Owning the Role of White Co-Conspirator
"Racial Justice" (CC BY-SA 2.0) by Johnny Silvercloud
Racial Justice” (CC BY-SA 2.0) by Johnny Silvercloud

By Violet Rush, If/When/How Legal Intern

During If/When/How’s most recent Leadership Institute, law students from across the U.S. gathered to organize around reproductive justice. The weekend focused on supporting and centering people of color because reproductive justice cannot exist without racial justice. When discussing how to support and center people of color, If/When/How staff introduced the term “white co-conspirator,” as opposed to “white ally.” Some white students embraced this new language with curiosity, while others approached it with apprehension. As a white-passing (Tsalagi*/White) law student, I want to take a moment to address others who are white or white-passing about the significance of using the term “co-conspirator.”

Most white law students come into contact with the terms “conspiracy” and “co-conspirator” in a criminal law course. Navigating a criminal law course can be chaotic, and many of the topics can elicit a visceral, emotional response. However, the issue of conspiracy is often less emotionally burdensome for white students because conspiracy implies separation from direct harm caused to others. We are taught that conspiracies are created when two people intentionally form an agreement, intend to achieve the agreement’s objective, and exhibit some act or preparation in furtherance of an illegal activity. A co-conspirator is one who chooses to take part in the conspiracy.

When using “white co-conspirator” in a reproductive or racial justice context, the scope of intent, agreement, and activity is expansive. To be a white co-conspirator means to deliberately acknowledge that people of color are criminalized for dismantling white supremacy. It means we choose to take on the consequences of participating in a criminalized act, and we choose to support and center people of color in the reproductive justice movement. Dismantling white supremacy is a criminalized act for people of color because it is often at odds with the legal system — a system that was created for and designed by white people. Recent statistics support this assertion: Women and people of color make up less than 20% of the federal legislature. For over five decades, 70% of federal judicial appointments have gone to white males. Only 12% of local police officers are black. In addition, most recent data indicate that only 12% of lawyers are people of color. Finally, recent studies show that racially biased use of peremptory strikes and illegal racial discrimination in jury selection occurs widely in criminal and capital cases.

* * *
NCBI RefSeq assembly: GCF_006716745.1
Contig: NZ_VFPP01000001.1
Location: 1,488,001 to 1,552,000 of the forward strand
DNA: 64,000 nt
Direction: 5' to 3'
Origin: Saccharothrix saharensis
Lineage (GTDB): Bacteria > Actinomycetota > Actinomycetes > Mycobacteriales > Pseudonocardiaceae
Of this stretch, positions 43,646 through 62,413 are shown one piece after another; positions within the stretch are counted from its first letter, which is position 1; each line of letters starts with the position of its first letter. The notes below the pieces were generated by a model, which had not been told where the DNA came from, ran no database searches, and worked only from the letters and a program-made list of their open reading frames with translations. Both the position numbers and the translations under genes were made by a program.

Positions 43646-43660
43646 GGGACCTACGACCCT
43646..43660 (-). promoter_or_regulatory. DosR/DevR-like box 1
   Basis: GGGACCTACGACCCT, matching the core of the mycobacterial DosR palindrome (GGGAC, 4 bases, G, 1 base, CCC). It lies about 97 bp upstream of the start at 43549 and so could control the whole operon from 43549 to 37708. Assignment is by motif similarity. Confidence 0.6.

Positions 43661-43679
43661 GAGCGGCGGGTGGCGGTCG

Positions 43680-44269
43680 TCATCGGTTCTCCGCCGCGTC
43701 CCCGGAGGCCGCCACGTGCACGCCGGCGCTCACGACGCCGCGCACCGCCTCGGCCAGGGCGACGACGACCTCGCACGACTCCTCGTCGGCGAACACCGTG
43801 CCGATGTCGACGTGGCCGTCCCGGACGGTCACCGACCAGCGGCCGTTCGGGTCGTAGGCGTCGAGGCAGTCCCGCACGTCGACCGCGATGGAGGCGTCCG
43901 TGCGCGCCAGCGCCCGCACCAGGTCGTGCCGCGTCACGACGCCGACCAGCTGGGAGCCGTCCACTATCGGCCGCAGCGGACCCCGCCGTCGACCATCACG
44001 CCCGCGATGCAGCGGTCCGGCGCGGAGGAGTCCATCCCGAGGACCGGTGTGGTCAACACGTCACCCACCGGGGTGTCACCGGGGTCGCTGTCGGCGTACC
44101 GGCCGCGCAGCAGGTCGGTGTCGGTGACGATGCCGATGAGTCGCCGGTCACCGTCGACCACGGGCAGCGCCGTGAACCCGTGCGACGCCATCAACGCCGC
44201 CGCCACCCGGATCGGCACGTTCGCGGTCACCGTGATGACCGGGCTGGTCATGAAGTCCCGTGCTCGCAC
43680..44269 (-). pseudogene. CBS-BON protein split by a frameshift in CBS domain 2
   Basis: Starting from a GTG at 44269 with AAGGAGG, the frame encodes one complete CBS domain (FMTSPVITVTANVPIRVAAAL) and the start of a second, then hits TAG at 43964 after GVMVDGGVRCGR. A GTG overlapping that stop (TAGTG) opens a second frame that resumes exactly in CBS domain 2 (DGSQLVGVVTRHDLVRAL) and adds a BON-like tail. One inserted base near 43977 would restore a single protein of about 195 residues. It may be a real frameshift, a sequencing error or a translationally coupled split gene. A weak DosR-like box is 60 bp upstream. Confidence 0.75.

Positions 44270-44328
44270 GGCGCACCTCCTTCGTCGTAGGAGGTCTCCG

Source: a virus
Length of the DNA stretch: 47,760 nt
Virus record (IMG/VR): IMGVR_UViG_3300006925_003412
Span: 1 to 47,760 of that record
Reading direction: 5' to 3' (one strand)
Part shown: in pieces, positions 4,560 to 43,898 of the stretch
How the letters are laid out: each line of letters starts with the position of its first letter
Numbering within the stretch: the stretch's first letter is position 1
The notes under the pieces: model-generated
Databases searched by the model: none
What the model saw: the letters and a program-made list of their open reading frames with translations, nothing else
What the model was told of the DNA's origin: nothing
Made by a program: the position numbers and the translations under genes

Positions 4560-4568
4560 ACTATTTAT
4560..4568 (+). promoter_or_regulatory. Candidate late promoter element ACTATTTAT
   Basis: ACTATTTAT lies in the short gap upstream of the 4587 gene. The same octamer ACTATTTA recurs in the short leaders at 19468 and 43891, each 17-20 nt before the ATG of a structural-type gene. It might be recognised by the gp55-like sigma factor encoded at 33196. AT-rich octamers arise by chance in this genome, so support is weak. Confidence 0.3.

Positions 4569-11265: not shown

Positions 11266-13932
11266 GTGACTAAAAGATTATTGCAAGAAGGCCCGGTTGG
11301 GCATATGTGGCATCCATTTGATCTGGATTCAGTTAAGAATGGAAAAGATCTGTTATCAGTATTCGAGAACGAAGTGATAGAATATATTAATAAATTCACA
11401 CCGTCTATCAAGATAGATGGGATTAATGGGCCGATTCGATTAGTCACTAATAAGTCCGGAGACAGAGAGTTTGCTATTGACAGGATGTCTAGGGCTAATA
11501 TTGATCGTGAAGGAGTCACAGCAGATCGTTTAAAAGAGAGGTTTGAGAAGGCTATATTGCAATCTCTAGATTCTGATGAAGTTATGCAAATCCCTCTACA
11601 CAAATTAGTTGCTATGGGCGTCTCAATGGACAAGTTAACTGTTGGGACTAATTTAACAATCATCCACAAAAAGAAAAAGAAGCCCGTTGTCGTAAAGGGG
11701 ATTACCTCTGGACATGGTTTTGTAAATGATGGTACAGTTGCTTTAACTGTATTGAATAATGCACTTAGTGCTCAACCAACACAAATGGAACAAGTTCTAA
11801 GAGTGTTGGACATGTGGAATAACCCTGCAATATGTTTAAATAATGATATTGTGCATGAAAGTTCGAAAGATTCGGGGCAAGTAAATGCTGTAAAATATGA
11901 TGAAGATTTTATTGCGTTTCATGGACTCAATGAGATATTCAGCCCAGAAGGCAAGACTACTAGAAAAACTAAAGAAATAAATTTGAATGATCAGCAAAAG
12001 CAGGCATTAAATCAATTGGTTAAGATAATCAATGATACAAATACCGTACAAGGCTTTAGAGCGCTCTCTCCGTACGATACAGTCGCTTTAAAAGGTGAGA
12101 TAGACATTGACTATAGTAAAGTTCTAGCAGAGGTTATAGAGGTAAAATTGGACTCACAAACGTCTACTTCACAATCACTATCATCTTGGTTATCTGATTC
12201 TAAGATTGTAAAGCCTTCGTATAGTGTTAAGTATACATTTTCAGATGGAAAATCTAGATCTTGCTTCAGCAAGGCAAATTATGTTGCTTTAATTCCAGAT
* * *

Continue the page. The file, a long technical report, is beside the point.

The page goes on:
When people of color are subjected to the legal system, their liberty is largely determined by those who have an interest in maintaining white supremacy, and the outcomes are not favorable. Black defendants receive sentences that are 10% longer than white offenders for the same crime. In addition, black people are 21%more likely to receive mandatory minimum sentences than white people. Latinx individuals are incarcerated at 1.5 times the rate of white people. Native Americans are disproportionately charged with federal crimes, which result in longer, harsher sentences. In addition, black students are three times more likely to be suspended or expelled than white students.

As white-passing and white students, we often like to think that we are doing enough to help people of color dismantle the white supremacy of the legal system. Perhaps this is why the intentional use of  the term “white co-conspirator” can elicit a negative response from some white students. But activism necessitates introspection, which in turn requires us to dive into feelings of discomfort and to objectively ask why some white students might find the term so shocking. My self-reflection on “white co-conspirator” revealed that I am still figuring out how to fully adopt this term and integrate it into my life – asking, how can I be helpful, and not harmful? Becoming a white co-conspirator requires a conscious choice to work with people of color to disrupt racial oppression and end racism. My hope is that white-passing and white law students will also approach the concept of “white co-conspirator” with curiosity and an open mind and make the choice to be a part of our racial justice conspiracy.

* In a discussion with prominent Indigenous artists and activists, activist Amanda Blackhorse notes, “[W]e call ourselves what we want because it is our choice. In fact, choice is something we did not have or were able to practice throughout the annals of U.S. history.” Because this piece focuses on racial justice and is directed to white and white-passing law students, I have chosen to use the term ‘Tsalagi’ to refer to the part of my identity that is Cherokee. The word ‘Tsalagi’ translates to ‘Cherokee.’ I do this because it reflects both my tribal affiliation and ancestry, but also imposes my tribal language on white and white-passing people – an opportunity I am rarely afforded. It is important to note that I’m white too, and that I am always working to balance my tribal identity with the white privilege I receive.

 

The views and opinions expressed in this blog are those of the author(s) and do not necessarily reflect the views or position of If/When/How.